You see those little symbols at the beginning of the sheet music, whether a sharp, flat or natural symbol, those are what identifies the scale that a piece of music is played in. To you, the player, that also indicates the kind of chords that will be contained within that music.
Key signatures are a kind of musical shorthand that cut down the amount of accidental symbols required in a piece of music. In the key of C, that has no sharps or flats, there would be no need for additional symbols, but in all other keys this could create a messy manuscript. For example, in the key of F major (also known as D minor), there is one flat (a note that is played half a pitch lower) occurring on the B note which becomes B flat. Without a key signature each B in the manuscript would appear with the flat sign following it. The key signature places the flat at the beginning of the line so that you know to play each B as B flat. This produces a much clearer line of music to follow - especially when the amount of sharps or flats rises and could affect most notes in the music!
The placement of the sharp or flat after the clef always keeps the same order and each one is placed on the relevant line of music so that you know which notes are affected. The flats follow the following sequence, B, E, A, D, G, C, F - easily remembered because the first four notes spell out the word BEAD, and then you just need to learn the GCF.
Flats always occur in this order in any key signature:
Bb Eb Ab Db Gb Cb Fb
The sharp sequence follows a reverse sequence - F, C, G, D, A, E, B. If there is only one sharp at the beginning of the music, you will learn that this has been composed in the key of G major (also known as E minor), and the one sharp is F sharp. All F notes should be played as F sharp.
Order of the sharps: F#
C# G# D# A#
Each music key has both a major and minor name. From the key signature you will usually identify the major key, but it's by listening to the music itself that you can identify if the music you originally thought of as being in the key of D major is actually B minor. This point doesn't really matter as much for the practicalities of playing because no matter what name you give the key, the same notes (F and C) are sharpened by half a tone.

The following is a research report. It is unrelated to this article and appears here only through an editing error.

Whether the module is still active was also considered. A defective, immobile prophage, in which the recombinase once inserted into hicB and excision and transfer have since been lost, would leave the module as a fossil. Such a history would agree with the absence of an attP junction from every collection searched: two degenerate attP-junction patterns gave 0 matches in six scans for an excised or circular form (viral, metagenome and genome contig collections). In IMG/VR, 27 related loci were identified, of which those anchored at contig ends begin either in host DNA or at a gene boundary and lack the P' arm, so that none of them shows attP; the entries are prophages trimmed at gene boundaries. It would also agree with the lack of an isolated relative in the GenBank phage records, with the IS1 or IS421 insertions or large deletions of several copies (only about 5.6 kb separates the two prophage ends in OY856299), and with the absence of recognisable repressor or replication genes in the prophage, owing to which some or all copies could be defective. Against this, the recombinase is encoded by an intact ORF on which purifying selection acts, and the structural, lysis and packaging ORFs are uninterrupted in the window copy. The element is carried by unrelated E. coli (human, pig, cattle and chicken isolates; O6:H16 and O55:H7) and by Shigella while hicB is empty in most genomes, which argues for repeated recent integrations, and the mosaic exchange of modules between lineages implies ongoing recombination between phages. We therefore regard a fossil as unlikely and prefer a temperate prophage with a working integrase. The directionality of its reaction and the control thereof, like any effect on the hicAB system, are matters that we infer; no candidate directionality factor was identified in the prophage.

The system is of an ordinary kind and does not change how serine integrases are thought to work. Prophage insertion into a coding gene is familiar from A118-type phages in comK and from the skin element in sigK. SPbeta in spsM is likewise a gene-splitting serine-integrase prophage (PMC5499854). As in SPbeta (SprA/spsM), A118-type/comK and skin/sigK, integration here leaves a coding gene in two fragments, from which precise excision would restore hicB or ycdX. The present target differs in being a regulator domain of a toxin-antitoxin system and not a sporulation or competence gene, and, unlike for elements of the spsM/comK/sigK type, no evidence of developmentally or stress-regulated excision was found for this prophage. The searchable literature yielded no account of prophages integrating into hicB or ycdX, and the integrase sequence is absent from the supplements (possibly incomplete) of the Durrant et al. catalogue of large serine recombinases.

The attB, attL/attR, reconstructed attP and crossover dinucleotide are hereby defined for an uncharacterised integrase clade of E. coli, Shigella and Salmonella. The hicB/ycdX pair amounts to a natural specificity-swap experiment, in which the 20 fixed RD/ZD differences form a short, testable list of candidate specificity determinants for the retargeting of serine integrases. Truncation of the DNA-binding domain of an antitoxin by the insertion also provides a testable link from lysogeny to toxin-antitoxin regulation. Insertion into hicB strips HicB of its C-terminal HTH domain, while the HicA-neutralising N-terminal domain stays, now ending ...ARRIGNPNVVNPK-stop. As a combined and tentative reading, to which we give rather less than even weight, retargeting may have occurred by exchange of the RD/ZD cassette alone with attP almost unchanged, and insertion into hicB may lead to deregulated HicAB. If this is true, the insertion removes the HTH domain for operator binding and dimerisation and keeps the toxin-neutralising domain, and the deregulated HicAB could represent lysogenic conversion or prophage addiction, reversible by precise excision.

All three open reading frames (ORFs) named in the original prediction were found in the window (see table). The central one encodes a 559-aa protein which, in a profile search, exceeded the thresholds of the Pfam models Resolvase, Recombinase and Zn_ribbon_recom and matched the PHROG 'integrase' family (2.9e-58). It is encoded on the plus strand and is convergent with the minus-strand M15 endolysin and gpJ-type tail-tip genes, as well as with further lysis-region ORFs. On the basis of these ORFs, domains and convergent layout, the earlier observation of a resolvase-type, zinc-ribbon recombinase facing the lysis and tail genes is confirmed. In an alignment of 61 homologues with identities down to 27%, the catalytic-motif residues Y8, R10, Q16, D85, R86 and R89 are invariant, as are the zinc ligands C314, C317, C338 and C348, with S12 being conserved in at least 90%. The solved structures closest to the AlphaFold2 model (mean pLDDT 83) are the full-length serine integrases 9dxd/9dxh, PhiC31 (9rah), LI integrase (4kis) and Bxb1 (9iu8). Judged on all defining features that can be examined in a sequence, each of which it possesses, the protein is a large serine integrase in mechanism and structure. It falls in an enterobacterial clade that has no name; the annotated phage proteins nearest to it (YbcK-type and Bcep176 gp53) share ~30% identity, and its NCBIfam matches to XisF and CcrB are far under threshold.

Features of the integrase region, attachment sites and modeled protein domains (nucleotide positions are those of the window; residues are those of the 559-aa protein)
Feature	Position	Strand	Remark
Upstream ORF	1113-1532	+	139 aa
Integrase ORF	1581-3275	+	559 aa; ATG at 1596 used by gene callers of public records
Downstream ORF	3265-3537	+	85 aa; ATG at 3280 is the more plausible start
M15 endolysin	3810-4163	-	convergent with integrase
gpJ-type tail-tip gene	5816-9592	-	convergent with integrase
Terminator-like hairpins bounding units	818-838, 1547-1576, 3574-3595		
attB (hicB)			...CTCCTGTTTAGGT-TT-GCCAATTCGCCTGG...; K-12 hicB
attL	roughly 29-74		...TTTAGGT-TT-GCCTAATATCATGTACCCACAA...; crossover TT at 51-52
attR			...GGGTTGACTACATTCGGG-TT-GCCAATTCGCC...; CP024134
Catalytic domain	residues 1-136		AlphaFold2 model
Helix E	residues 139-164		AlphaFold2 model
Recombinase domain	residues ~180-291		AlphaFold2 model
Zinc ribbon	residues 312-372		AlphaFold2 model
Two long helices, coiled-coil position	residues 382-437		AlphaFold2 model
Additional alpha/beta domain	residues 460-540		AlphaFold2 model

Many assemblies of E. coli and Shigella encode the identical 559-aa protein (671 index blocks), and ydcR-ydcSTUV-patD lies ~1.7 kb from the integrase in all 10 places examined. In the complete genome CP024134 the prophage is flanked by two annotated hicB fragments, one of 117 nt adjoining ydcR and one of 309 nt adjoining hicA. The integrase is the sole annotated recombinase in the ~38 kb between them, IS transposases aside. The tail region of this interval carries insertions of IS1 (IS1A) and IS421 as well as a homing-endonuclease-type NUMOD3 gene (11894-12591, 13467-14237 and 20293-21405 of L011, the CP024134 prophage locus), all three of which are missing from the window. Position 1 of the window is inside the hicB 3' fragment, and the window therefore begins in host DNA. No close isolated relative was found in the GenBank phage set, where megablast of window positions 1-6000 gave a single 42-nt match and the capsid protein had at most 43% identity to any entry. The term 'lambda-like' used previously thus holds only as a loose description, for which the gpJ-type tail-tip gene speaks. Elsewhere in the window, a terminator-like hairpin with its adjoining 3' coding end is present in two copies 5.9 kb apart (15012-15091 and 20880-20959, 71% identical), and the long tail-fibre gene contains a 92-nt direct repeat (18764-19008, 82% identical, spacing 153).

Accidentals occur in the music when the composer wishes to create a sound where the half note change implied by the key signature doesn't apply. In this instance a neutral symbol will appear next to the note that is covered by the key signature but isn't to be raised or lowered. For example, if your key signature is G but the composer wants to create a specific sound and so doesn't want some of the F notes to be sharp, then a neutral symbol will be placed on the staff beside the affected notes. This neutral symbol is known as an accidental and is only good for the note that it is placed beside; the other F notes should be played sharp as per the key signature. Sharps and flats can be used in the same way as neutrals in order for the composer to have greater control over the melody and harmony they create.
At first key signatures seem like a secret code, but once you learn then, you'll find that that it's quite logical and makes a lot more sense than having individual flats and sharps next to each note as required. Watch this short video on key signatures:
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